Changing the way we change the world

How much water is enough? Determining realistic water use in developing countries

By Susan Davis, Executive Director, Improve International

Water from a handpump in KenyaHow much water do you use every day? If you live in the US, you probably don’t think about it much, even if you pay for what you use.  Do you know how much water people in developing countries use?  A lot less than Americans, for sure.  But exactly how much turns out to be quite variable.

I thought it would be helpful to share the results of a desk review we did on water quantities measured or reported in developing countries.  The most comprehensive data referenced in studies comes from the Drawers of Water study (White, Bradley, & White, 1972), the first large-scale assessment of domestic water use in Africa, and Drawers of Water II (IIED et al, 1997); however, both are outdated and distinguish only between piped and unpiped water systems.

Not surprisingly, people are likely to use more water after an improved water supply is provided. Lindskog and Lundqvist (1989) observed an average daily per person use of 9.7 liters before community taps were installed and 15.3 liters after the taps arrived. A recent impact study of handpump installation in villages in Mozambique indicates increased water use from all sources (2.5 liters per capita per day, or l/c/d) and from improved sources (15.1 l/c/d) (MCC, 2014).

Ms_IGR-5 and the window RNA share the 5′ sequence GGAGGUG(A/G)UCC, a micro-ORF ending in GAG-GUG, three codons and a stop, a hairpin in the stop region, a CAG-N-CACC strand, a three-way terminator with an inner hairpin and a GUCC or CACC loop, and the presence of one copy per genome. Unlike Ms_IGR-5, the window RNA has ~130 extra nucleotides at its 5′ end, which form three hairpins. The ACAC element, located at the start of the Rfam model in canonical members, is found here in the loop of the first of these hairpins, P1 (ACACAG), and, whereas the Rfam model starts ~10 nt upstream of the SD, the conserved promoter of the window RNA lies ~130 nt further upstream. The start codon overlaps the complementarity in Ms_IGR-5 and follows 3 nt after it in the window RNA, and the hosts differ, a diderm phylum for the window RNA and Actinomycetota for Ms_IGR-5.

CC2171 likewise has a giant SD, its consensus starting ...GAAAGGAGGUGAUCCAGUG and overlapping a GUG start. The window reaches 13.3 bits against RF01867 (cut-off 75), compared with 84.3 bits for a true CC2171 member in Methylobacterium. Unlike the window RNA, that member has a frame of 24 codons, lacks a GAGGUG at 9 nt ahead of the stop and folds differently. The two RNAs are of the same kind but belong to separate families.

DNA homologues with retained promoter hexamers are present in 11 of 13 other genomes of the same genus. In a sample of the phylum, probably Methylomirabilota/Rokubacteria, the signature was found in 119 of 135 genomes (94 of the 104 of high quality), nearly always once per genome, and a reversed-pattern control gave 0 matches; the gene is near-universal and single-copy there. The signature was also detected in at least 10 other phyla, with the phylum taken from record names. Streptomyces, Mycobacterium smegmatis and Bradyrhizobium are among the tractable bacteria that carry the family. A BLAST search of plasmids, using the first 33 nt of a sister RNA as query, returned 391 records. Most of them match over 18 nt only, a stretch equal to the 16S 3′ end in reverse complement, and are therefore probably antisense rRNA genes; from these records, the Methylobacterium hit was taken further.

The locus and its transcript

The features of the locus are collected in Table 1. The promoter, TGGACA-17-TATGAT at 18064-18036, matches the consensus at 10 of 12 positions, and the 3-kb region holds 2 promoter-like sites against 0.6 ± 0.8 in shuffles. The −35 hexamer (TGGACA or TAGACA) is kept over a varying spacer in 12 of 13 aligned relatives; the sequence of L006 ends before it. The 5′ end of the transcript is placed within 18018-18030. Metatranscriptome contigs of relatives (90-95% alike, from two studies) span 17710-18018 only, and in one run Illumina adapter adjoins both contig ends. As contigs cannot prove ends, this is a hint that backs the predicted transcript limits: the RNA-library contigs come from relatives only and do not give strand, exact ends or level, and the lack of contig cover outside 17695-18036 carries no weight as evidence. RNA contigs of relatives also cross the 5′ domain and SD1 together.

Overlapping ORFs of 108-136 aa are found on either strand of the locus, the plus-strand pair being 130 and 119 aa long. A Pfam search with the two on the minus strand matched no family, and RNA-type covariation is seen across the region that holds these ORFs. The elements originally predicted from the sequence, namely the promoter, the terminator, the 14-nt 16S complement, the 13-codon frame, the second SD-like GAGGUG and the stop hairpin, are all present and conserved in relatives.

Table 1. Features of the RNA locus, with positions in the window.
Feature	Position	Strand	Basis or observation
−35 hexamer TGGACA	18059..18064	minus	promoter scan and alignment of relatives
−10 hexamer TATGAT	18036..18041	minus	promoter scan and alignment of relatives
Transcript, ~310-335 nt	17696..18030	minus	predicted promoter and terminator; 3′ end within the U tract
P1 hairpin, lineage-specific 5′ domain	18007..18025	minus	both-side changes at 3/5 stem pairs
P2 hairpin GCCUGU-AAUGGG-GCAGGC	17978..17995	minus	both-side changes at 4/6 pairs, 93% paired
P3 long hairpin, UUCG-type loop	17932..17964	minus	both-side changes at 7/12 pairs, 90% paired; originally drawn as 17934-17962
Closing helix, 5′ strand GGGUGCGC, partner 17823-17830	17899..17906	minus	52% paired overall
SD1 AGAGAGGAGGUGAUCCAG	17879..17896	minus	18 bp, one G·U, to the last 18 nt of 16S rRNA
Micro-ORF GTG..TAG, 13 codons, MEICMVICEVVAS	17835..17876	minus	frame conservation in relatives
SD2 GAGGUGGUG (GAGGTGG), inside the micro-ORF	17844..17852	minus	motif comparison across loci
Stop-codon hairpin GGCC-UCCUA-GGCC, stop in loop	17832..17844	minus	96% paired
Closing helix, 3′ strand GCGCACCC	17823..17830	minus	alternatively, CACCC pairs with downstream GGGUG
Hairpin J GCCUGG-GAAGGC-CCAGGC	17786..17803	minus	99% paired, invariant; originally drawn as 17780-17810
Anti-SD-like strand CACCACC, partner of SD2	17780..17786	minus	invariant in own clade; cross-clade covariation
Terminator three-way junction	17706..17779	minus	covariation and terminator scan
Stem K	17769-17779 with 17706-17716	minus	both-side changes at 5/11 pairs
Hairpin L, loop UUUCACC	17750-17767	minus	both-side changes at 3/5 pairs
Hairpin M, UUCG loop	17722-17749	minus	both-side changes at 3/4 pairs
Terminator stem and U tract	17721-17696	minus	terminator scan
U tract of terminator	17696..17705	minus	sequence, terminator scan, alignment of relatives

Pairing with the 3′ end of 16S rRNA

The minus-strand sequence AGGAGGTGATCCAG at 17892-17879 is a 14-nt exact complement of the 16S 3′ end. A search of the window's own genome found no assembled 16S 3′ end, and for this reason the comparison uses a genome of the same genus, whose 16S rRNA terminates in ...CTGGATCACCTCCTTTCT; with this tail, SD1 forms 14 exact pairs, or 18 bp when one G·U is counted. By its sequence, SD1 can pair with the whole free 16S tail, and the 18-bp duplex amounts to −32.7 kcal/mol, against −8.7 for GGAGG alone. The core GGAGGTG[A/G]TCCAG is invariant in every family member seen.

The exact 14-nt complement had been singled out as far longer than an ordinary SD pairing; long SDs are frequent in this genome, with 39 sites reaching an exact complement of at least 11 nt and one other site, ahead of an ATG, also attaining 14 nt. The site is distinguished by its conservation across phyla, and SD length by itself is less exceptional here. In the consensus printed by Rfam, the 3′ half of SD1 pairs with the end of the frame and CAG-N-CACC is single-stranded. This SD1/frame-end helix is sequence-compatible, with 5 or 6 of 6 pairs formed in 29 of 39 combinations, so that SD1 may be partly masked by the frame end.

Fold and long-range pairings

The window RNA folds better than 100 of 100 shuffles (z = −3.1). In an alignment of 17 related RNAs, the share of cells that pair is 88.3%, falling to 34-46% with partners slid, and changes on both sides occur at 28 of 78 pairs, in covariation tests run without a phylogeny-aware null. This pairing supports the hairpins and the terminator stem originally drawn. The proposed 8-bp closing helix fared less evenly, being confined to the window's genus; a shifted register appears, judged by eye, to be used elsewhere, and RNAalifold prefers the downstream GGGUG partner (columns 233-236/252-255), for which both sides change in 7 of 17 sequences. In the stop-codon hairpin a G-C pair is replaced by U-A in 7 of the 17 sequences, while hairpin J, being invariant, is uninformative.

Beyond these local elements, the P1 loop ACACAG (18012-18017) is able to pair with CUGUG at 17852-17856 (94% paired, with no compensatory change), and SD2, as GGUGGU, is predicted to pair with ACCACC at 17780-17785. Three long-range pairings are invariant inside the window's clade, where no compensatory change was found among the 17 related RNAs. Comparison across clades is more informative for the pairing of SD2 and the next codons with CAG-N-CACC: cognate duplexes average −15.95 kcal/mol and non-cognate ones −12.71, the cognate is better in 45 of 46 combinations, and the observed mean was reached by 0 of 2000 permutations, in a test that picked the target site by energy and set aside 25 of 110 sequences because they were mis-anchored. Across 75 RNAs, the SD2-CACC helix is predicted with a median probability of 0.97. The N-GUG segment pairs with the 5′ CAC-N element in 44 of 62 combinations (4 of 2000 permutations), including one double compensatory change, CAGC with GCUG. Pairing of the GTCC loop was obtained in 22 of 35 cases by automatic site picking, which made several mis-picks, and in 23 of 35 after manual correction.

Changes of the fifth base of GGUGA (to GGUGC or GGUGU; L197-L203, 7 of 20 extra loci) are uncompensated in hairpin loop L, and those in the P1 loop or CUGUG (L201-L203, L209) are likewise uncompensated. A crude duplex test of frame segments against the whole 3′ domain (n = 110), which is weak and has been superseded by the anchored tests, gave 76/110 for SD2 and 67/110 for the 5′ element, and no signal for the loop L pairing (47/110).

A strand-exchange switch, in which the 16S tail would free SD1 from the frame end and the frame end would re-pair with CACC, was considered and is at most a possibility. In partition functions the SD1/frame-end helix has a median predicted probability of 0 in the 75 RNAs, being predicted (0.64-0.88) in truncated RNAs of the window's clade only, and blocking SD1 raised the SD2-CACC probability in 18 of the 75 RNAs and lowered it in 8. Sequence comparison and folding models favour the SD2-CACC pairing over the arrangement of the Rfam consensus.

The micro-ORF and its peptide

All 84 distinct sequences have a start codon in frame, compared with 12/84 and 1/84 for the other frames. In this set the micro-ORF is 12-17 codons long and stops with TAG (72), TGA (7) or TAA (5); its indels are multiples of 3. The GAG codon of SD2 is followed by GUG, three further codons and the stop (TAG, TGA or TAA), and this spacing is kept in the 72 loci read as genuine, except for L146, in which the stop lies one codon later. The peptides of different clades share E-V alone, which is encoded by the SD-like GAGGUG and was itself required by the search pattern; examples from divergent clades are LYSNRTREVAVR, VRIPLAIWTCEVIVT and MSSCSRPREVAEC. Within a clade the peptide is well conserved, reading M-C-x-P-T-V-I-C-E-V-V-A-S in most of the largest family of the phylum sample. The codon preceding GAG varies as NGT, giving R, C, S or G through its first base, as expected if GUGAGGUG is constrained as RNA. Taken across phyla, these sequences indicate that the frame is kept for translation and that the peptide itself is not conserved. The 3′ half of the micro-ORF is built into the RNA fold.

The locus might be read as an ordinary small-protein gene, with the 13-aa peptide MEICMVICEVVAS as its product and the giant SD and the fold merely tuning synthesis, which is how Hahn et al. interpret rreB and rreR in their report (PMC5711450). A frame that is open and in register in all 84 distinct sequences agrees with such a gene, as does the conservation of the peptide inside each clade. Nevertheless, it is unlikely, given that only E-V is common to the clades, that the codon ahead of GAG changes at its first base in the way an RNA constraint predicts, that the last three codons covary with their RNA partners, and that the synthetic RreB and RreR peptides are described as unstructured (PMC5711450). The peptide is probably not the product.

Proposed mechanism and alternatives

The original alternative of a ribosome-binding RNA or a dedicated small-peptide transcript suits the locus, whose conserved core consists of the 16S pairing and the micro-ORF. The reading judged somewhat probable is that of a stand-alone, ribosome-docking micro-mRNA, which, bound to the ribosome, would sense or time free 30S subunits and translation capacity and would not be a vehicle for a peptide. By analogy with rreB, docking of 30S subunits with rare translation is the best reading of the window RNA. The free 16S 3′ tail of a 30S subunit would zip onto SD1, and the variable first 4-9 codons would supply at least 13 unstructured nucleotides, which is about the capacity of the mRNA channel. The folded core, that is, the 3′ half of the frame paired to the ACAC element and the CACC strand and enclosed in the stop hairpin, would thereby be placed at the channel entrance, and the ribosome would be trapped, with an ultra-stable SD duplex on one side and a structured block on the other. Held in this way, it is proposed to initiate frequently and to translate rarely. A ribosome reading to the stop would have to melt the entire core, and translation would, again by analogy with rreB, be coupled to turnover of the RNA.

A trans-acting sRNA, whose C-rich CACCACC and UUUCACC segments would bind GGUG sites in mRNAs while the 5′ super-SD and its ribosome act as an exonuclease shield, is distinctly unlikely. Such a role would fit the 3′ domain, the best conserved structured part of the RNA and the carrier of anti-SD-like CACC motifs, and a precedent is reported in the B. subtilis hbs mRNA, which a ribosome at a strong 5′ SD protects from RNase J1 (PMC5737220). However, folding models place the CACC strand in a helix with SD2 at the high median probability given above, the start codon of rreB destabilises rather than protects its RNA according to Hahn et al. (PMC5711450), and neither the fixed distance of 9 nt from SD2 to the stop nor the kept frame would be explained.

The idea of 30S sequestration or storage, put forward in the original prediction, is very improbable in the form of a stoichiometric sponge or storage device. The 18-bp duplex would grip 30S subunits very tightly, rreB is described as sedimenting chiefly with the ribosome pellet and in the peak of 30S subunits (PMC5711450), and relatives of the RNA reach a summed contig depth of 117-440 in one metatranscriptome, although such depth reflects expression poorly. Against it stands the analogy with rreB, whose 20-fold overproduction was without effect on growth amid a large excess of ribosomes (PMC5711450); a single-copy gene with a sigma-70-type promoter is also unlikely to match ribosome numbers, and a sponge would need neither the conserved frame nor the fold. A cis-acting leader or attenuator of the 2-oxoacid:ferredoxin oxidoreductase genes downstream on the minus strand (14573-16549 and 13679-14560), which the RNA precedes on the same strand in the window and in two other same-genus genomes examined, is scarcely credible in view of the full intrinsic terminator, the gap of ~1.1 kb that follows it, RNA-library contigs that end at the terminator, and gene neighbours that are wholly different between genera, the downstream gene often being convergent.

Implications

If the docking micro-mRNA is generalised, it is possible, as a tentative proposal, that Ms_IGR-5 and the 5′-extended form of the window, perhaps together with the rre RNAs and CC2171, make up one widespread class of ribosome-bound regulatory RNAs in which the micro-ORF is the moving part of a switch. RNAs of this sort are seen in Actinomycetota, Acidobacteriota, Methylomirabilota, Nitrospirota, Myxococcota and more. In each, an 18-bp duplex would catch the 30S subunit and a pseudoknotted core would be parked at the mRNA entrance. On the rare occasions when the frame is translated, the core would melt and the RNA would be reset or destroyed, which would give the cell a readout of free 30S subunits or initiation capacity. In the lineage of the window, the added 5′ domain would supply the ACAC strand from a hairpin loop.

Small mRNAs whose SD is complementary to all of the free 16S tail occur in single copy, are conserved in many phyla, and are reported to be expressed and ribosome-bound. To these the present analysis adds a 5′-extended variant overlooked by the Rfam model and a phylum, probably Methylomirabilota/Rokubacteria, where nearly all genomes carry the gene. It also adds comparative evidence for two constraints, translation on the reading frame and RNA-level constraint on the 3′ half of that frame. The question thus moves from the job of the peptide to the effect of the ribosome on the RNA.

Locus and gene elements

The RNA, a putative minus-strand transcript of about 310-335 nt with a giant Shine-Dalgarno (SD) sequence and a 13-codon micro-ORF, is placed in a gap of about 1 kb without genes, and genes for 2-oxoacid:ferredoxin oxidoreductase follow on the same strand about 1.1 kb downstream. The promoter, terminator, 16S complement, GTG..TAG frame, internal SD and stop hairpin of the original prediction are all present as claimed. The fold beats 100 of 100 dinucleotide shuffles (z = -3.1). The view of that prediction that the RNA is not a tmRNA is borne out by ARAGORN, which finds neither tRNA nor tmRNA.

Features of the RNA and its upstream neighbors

People use water for different purposes from multiple sources with different profiles in terms of convenience, quality, reliability, cost and access rights, across different seasons and years (Dessalegn, et al., 2013).  Water use varies by climatic zone, type of water source and system, distance to water source, season (rainy or dry), household size, housing type, and income. There is also great variation between countries, between villages, and even between households within the same village (Gleick, 1998). See the tables below for examples of the variations.

In addition to internet research, we asked organizations that we knew had worked with household water meters in rural communities to share their data. While we found meter reading data for Central America and South America, we were unable to obtain metering data for African communities. This is likely because metering of water points in rural communities is still a nascent field. Generally, usage rates are higher in Central and South America than in Africa. Charity:water is working on remote monitoring of handpumps in Africa, and we hope they will be able to share flow rates in a year or two.